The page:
Calling A Time Out On Recess Appointments

Yesterday, SCOTUS heard oral arguments for National Labor Relations Board v. Noel Canning, the case challenging Obama’s controversial recess appointments made during an intrasession Congressional break. Lyle Denniston observes that “some of the Justices whose votes the government almost certainly needs to salvage an important presidential power were more than skeptical”:

Perhaps the most unfortunate moment for presidential authority was a comment by Justice Stephen G. Breyer that modern Senate-White House battles over nominations were a political problem, not a constitutional problem.  Senators of both parties have used the Constitution’s recess appointment provisions to their own advantage in their “political fights,” Breyer said, but noted that he could not find anything in the history of the clause that would “allow the president to overcome Senate resistance” to nominees.

Serwer analyzes the case:

The question is how big of a headache the high court wants to give the Obama administration and future presidents–from either party.

Siding with the D.C. Circuit ruling entirely would make it much harder for the government to function, especially if the opposing party controls the Senate. With the filibuster nuked for presidential appointments, the stakes are lower because nominees can be confirmed by a majority vote. But the high court could rule that the Senate gets to decide when it’s in recess, ruling that only Obama’s recess appointments, made in defiance of unprecedented Republican obstruction, are invalid.

“If the Court does not allow the traditional recess appointments, you’ll have a federal bureau created by Congress but one that Congress won’t allow the president to staff,” said Adam Winkler, a law professor at the UCLA School of Law. It would also mean the recess appointment power would be all but useless to future presidents if the opposite party controls the Senate, because they could just keep it in session virtually all the time. That could be Obama’s fate if Republicans take back the Senate in 2014.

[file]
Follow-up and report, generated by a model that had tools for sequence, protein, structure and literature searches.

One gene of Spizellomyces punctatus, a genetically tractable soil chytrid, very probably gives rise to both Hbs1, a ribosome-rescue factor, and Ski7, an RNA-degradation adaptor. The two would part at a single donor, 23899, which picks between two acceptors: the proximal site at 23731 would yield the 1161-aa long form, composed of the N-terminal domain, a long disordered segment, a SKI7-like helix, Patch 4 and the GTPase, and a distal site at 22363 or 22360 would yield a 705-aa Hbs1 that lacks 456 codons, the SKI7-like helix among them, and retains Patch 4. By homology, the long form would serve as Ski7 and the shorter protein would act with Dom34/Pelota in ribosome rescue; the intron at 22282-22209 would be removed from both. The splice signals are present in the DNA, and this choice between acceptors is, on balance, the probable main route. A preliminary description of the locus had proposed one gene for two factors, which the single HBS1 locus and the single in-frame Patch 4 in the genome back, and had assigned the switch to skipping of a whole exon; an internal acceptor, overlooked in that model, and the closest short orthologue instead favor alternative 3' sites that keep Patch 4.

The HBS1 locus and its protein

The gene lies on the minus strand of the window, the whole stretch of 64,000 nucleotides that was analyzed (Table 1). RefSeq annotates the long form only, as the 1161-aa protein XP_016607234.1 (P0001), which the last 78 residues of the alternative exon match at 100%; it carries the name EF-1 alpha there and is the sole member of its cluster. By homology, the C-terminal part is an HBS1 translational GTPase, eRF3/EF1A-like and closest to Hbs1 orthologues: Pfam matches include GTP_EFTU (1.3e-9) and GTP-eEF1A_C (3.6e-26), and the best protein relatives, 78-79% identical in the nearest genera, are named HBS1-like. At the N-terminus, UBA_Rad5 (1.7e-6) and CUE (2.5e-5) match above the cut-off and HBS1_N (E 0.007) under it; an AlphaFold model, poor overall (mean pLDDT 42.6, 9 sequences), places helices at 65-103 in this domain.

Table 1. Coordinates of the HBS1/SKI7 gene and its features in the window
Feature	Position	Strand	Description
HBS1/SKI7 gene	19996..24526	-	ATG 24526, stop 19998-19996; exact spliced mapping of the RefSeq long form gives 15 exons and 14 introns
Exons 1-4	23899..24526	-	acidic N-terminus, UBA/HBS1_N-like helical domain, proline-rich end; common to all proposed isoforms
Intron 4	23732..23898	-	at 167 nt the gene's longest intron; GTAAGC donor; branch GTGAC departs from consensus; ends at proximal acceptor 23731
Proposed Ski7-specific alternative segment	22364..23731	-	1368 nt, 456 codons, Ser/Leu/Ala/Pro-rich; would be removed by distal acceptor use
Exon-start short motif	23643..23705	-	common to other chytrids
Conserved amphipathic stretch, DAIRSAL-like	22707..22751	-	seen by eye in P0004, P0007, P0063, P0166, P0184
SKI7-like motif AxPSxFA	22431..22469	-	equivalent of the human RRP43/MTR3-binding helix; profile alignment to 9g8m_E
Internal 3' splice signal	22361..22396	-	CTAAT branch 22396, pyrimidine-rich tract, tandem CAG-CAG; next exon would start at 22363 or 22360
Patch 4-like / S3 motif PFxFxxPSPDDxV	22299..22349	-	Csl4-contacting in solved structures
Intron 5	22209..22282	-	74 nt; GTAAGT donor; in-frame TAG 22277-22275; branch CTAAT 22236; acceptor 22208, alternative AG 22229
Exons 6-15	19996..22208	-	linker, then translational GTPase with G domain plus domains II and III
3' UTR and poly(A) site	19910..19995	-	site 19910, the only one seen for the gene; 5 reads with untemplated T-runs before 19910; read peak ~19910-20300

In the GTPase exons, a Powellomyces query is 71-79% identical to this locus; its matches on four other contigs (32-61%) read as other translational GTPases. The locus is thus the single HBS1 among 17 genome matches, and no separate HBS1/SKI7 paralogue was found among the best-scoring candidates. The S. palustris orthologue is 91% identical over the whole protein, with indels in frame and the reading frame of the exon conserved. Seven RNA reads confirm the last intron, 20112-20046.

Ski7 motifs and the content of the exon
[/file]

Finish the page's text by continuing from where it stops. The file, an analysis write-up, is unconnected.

Ilya Sharpiro weighs in:

Justice Kennedy said that he was “in search of a limiting principle” to the government’s position—so as not to simply give the president sole discretion to determine when the Senate is or isn’t in recess. Justice Kagan was left asking both sides how the Court should rule given that the presidential practice—whose history prior to the Truman administration the parties dispute—seemed to so clearly contradict the constitutional text and structure.

And indeed that is the question: If it’s true, as an overwhelming majority of the justices seemed to think, that the president was only supposed to have the power to make recess appointments during intersession recesses, and only for vacancies that arose during such recesses, what does it mean that this correct interpretation has never been followed?

Last week, Eric Posner urged the Supreme Court not to rely on originalism when deciding the case:

[C]onsider what the originalist must ignore: the huge growth of the country, and the vastly expanded federal bureaucracy that allows the national government to be much more involved in the regulation of everyday life. In 1789, the president made do with a single part-time attorney general. Today, the Justice Department employs more than 100,000 people. The founders did not anticipate the party system, and could not foresee that opportunities for conflict between the president and Senate would multiply infinitely. They surely did not foresee all the opportunities for obstruction afforded to a Senate with 100 members (compared with 26 at the founding) that often operates by consensus, or supermajority rule.’